Nearly 12 years later, while the world is still feeling the impact of the 2008 financial crisis, COVID-19 has caused an even bigger problem for policy makers around the world. The virus has brought life close to a stand-still on account of its highly contagious nature, leading to major disruptions in the global supply chain. And while the numbers in China have fallen, the rest of the world is now reeling from the impact, especially the US and Italy. Raghuram Rajan, in a recent article on Project Syndicate has pointed out that this crisis has exposed the underlying weaknesses in national economies, health systems, and political ideologies.
While the US-China trade war is on a temporary hiatus, with both considering tariff cuts to spur trade, a lot more has to be done to bring back the global supply chain to its pre-COVID-19 levels. In this context, India’s trade, so far, has been aimed at importing organic chemicals from China and exporting finished medical formulations. For instance, the US had asked that India lift its ban on 24 pharmaceutical ingredients and medicines made in the country.
Figure 1: Imports of Organic Chemicals (January 2019 – March 2020)
Figure 1 shows the aggregate trend in imports of organic chemicals incl. bulk drugs and intermediates. A clear downward trend can be observed here. India imports bulk drugs and intermediates. The trend here is mirrored in figure 2 below which charts the trend in antibiotics imports.
Figure 2: Imports of Antibiotics (January 2019 – March 2020)
In this context, it is imperative to consider imports of antibiotics and exports of finished pharmaceutical formulations. In figure 2, we can observe a downward trend in the imports of antibiotics. However, there was a sudden increase in imports in March 2020. This could have been due to meet the increased demand in pharmaceutical products as India is one of the leading manufacturers in this industry globally. Higher imports could’ve been to meet domestic demand.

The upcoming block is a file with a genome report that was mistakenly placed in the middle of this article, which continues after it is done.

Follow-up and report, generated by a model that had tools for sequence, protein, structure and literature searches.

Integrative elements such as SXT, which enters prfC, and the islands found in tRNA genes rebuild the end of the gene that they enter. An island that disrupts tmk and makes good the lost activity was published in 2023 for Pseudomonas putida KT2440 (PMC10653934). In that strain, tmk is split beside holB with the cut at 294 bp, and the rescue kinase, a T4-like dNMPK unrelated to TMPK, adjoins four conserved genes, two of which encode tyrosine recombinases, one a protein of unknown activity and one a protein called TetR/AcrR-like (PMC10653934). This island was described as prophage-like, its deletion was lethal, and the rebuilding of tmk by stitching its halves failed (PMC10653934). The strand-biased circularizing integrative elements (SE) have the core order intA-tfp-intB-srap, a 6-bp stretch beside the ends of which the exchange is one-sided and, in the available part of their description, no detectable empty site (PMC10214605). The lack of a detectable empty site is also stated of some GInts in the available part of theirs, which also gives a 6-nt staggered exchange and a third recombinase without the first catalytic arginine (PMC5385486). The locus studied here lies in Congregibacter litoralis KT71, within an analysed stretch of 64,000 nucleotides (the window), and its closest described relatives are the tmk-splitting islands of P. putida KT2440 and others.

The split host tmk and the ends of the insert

In figure 3 below, exports of finished pharma formulations can be characterised by an upward trend albeit almost flat. What is interesting to observe here is the sudden jump in exports from in January 2020. While the onset of COVID-19 around world happened much later, Indian exports of pharma products have been on a growth trajectory. Another interesting aspect of the trend is that exports declined in March 2020. This is interesting at a time, as stated above, when the US had asked India to lift the ban on certain pharma products
Figure 3: Exports of Pharmaceutical Products (January 2019 – March 2020)
The US had also, specifically, asked for the lifting of an export ban on Hydroxychloroquine (under finished formulations – HS 3004), an antimalarial drug that India produces at a very low cost, as the tests had yielded promising but inconclusive results. India has been advocating the use of the drug to its healthcare workers as a preventive measure. Figure 4below,charts the trend in Indian exports of Hydroxychloroquine. When comparing the trend with figure 3, it appears that the trend in this product is mirrored in the trend of aggregate Indian exports of finished pharma products for January and February 2020. However, we can observe that exports of Hydroxychloroquine increased in January 2020with an even bigger rise in March. This rise can be attributed to an increased demand of this formulation as a potential cure.
Figure 4: Exports of finished formulations of Hydroxychloroquine
Given the worldwide economic shutdown, medical supplies are key to helping overcome the health crisis. In this context, partial lifting of the export ban is a way forward to tackle the COVID-19 pandemic problem. India has a unique position in this situation as the world’s largest, and cost effective, manufacturer of pharmaceutical products. Leveraging this position would not only help alleviate the inevitable economic crisis that would follow, but would also open up avenues for favours from other economies post COVID-19.
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